When it comes to its handbags, Chanel strives to have an assortment of exceptional styles, including those boasting Lesage embroideries, in all its boutiques. They retail from 3,000 euros to 30,000 euros, or about $4,200 to $42,000 at current exchange rates. “When some customers see these products, they want to buy them immediately,” says Pavlovsky. “People want to feel exclusive. At this level, it’s less about the amount of money it costs. We feel there is more and more space for very high-end luxury products.”
Chanel has also witnessed strong demand for exceptional costume jewelry—made at Desrues, one of the couture ateliers Chanel owns—particularly its plastron styles. Indeed, each pre-fall collection, dubbed Métiers d’Art after the couture ateliers used to embellish it, is an all-out ode to hyperluxury, in ready-to-wear and all manner of accessories.
In the world of hyperluxury, lines can blur. Costume jewelry and other accessories at times assume characteristics of fine, and even high, jewelry. At the zenith of the Lady Dior bag range: a diamond-studded version priced at about $300,000. Louis Vuitton has offered—and sold out of—handbags in 24-karat gold that took 300 hours to make, as well as patchwork bags, signed, numbered and sold in Perspex cases. Currently, the house has an alligator clutch that can be “handcuffed” to the wrist with a diamond bracelet. Part of a range dubbed Les Extraordinaires, it boasts 1,766 diamonds mounted in white gold for a total of 47 carats. Beginning in November, it will be sold at the Vuitton flagship on the Champs-Elysées, with the price available upon a customer’s application.
“So little is truly exclusive or rare anymore. Even Hermès, which is certainly a luxury product, is available in airports,” says Vuitton’s artistic director, Marc Jacobs. “At Vuitton, they’re making me a Lockit bag to carry, but in crocodile. To cut one out of one animal, they had to wait 10 months to find one big enough. I’ve come to appreciate the rarity of something special.”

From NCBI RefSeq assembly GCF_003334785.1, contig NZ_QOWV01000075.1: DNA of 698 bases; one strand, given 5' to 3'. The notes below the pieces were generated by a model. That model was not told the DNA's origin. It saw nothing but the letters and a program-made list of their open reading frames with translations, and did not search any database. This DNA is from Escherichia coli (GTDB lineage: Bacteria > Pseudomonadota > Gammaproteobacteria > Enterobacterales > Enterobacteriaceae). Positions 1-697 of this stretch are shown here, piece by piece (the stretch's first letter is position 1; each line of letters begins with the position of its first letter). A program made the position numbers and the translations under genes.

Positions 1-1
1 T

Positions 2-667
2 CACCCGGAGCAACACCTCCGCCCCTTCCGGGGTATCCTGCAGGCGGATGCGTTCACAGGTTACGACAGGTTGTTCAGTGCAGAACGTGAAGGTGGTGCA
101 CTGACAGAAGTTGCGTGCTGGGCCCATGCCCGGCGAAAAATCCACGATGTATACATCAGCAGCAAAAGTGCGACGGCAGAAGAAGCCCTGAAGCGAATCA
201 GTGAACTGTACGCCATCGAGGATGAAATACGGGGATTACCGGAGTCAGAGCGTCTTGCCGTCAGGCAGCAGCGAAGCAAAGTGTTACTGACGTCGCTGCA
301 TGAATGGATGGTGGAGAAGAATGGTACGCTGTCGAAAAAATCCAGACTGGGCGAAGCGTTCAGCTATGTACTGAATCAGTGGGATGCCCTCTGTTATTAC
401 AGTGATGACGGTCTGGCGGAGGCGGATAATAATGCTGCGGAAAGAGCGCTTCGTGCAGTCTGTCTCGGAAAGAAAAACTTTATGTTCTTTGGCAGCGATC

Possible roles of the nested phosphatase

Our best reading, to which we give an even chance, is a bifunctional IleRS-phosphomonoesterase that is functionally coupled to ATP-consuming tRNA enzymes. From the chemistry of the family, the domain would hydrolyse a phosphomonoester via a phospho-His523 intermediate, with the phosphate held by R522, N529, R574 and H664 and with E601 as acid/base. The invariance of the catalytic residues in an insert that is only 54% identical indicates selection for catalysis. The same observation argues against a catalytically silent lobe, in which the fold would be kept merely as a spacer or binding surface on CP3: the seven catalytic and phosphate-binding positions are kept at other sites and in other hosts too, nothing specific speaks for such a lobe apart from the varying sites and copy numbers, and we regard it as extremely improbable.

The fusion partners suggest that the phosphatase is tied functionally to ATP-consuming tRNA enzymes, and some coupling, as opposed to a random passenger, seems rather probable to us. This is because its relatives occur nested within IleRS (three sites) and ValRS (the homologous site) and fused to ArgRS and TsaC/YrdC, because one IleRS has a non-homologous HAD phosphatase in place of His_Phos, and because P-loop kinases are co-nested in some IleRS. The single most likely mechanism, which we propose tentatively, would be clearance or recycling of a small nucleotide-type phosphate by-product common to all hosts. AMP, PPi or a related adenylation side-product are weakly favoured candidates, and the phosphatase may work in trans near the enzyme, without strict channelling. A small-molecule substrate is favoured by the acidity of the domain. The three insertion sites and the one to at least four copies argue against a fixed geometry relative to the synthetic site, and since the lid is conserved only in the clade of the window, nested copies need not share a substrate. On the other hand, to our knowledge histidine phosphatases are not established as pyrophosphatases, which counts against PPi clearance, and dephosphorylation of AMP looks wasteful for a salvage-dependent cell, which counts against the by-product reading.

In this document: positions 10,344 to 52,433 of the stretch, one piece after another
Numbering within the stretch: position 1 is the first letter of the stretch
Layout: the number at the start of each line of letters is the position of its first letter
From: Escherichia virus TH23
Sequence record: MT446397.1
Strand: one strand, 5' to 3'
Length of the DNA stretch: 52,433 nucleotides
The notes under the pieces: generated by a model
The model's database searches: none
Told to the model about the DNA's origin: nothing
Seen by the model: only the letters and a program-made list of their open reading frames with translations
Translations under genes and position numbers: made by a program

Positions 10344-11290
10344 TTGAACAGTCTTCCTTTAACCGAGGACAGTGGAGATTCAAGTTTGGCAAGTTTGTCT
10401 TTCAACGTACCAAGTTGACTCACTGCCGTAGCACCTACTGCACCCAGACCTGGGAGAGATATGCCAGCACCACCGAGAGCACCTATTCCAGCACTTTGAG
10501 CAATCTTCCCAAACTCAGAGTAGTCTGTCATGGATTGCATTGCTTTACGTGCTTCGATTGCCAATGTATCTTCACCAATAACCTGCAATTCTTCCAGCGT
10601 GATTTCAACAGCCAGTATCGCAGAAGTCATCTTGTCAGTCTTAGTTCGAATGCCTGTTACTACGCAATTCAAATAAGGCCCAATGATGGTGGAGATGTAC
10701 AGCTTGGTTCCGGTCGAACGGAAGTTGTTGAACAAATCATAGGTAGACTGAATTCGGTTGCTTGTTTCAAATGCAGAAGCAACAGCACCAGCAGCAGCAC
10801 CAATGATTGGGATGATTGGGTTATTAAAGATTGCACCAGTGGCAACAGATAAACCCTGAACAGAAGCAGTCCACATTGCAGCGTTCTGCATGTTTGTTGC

Jacobs notes that he has sold dégradé crocodile bags in his signature collection, and for fall, the line features a polka-dot mink bag in which the dots are all cut out and inserted rather than printed ($4,695). “The luxury of having your own shops is you can do those extravagant things,” he says, adding that they can trigger a trickle-down. “That one weird, baby-blue crocodile bag may attract other people to buy baby-blue leather bags. There’s a definite appeal of something that has that elusive, rare quality.”
Vuitton is banking that men, too, will feel the lure of intensified luxury. “I think about hyperluxury as well as normal luxury,” says Kim Jones, the new men’s style director, whose spring collection was inspired by his upbringing in Africa, and such mesmerizing house lore as the 19th-century Franco-Italian explorer Pierre Savorgnan de Brazza, who ventured into the Congo with monogram Vuitton trunks. Figuring under the hyper category: a nifty binocular case in rubberized alligator for 26,000 euros, about $37,390, and a silk necktie shot with 24-karat gold thread, for 255 euros or $360.
Chez Alexander McQueen, the hyperluxury trend is particularly evident with footwear. “For Lee’s last collection, we did quite extreme, more interesting show shoes—and the stores bought them,” reports ceo Jonathan Akeroyd. “The Armadillo shoes in particular were meant to be a runway item, but we were inundated with requests for them. They were handcrafted, and priced at $13,000. In the end, we sold quite a lot.” Akeroyd is referring to the sloping, animalistic shoes that Lady Gaga famously sported in her video for “Bad Romance.”